La Perla, San Juan, Puerto Rico

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Aerial view to La Perla pushed outside of the historical San Juan walls
La Perla seen from Castillo de San Cristobal. The street on the left is Calle Norzagaray

La Perla is a historical community astride the northern historic city wall of Old San Juan, Puerto Rico, stretching about 650 yards (600 m) along the rocky Atlantic coast immediately east of the Santa Maria Magdalena de Pazzis Cemetery and down the slope from (north of) Calle Norzagaray.

La Perla was established in the late 19th century. Initially, the area was the site of a slaughterhouse because the law required them and homes of former slaves and homeless non-white servants – as well as cemeteries – to be established away from the main community center; in this case, outside the city walls. Sometime after, some of the farmers and workers started living around the slaughterhouse and shortly established their houses there.

Because of its oceanfront, secluded location, La Perla is known for its high rate of illegal activities. In recent years, a rebirth of crime in this neighborhood has attracted international drug traders, arms dealers and narcotics distributors as a place to live.[citation needed] Local Salsa and Hip Hop concerts are held each week with the intention of shedding the historically bad image of the community. Art shows and an oceanfront community arts-and-crafts fair occur yearly.

Only three access points exist, one through the "Santa Maria Magdalena Cemetery", one on the east side and one through a walkway right in the center of the northern wall. The Puerto Rico police department conducted a raid as late as July 2011, where several high profile community leaders were arrested for heroin distribution. The Drug Enforcement Agency estimates that the drug trade in La Perla is a twenty million dollar enterprise.

Media[edit]

La Perla has a community oriented music recording studio, El Estudio D' Oro, which serves as a free of cost music production workshop for all ages. El Estudio D' Oro is also home to the FM urban radio show, Hip Hop 787 La Verdadera Escuela, which is broadcast live from the studio on WVOZ Mix 107.7 FM.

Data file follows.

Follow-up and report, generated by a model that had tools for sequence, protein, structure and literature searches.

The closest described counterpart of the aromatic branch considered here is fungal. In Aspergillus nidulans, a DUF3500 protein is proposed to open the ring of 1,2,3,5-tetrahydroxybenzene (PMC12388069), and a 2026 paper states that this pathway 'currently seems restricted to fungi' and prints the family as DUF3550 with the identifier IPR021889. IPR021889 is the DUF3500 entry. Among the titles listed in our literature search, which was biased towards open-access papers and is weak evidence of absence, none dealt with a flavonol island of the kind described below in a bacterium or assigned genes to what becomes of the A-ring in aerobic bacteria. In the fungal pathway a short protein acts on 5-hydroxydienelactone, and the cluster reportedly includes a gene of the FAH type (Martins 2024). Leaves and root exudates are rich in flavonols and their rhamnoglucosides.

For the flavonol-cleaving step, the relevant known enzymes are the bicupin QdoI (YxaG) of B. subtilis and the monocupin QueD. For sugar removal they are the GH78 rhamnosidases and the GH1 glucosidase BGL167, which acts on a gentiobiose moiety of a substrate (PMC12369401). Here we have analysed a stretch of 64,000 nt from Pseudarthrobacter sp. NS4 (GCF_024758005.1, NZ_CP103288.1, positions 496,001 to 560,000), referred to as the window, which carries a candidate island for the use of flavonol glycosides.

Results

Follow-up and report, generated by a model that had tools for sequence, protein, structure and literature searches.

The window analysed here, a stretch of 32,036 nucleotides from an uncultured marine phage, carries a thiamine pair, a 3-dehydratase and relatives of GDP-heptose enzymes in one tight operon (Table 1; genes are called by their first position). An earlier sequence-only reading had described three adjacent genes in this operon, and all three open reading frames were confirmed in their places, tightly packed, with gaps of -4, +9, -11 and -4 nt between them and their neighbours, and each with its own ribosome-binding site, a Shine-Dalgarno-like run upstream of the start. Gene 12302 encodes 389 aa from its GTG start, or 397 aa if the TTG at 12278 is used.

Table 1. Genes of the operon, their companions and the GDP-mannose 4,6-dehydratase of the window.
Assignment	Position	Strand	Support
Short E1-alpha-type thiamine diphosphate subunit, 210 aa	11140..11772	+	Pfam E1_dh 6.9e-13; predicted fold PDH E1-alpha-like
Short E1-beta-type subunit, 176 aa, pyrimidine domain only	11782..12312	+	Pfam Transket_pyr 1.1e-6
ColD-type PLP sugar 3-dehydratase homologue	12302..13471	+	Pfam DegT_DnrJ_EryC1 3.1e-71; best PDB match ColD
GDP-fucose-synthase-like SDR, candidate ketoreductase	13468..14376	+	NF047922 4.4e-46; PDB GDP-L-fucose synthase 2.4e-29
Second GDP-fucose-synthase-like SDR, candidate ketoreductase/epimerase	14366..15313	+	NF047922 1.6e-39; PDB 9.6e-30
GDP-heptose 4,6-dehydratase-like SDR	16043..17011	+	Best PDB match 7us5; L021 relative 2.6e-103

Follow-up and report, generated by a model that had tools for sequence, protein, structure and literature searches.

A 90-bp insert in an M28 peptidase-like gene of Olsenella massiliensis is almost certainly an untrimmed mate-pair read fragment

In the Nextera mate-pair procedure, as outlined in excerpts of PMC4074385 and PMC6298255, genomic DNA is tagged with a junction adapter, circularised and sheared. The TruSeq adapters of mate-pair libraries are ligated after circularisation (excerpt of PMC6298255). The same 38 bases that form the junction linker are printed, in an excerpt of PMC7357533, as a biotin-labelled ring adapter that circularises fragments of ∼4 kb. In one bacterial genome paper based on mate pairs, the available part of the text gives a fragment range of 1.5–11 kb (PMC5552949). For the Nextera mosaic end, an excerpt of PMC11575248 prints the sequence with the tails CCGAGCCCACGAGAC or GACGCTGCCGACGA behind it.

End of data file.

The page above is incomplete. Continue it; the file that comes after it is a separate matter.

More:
In 1978, salsa singer Ismael Rivera had a hit song, written by composer Catalino Curet Alonso, in honor of this community, and named after it. In 2009, Reggaeton group Calle 13 released another tribute song, also named La Perla, in collaboration with Ruben Blades. In the song, Blades references Rivera's early effort; in the song's video, Blades pays his respects to Curet by visiting his tomb at the community's Santa María Madgalena de Pazzis cemetery.

Streets[edit]

The streets of La Perla are not indicated on most city maps in order to deter tourists from walking into the high crime area:

  1. Calle Tiburcio Reyes (western border, along the outside of the old city wall)
  2. Calle San Miguel (mostly in the western part, along the north)
  3. Calle Bajada Matadero (mostly in the western part, along the south)
  4. Calle Lucila Silva (mostly in the western part, east-west through the middle, too narrow for cars)
  5. Calle Augustin O Aponte (eastern part)

La Perla was the true site of the fictional "La Esmeralda" barrio depicted in Oscar Lewis's sociological work "La Vida" describing the lives of Puerto Rican slumdwellers through taped interviews with dozens of intertwined family members who lived there in the 1940s-1960s.

Census[edit]

In terms of the United States 2000 Census, La Perla is composed of Census blocks 3001 through 3010 (Block group 3, Census tract 4, San Juan, Puerto Rico). A population of 338 was reported, 198 housing units (29 unoccupied), and 169 households, on an area of 80,028 square yards (16.53 acres; 66,914 m²).

La Perla belongs to and consists of the northernmost stretches of the sub-barrios Mercado (west) and San Cristóbal (east) of Old San Juan. The dividing line between the subbarrios is the imagined extension of Calle San Justo to the north beyond the old city wall to the Atlantic coast. The eastern part consists of Census blocks 3002, 3009 und 3010, with a population of 64, 35 housing units (4 unoccupied), and 31 households, on 41,348 square yards (8.5 acres; 34,572 m²).

See also[edit]

Coordinates: 18°28′09″N 66°06′58″W / 18.46917°N 66.11611°W / 18.46917; -66.11611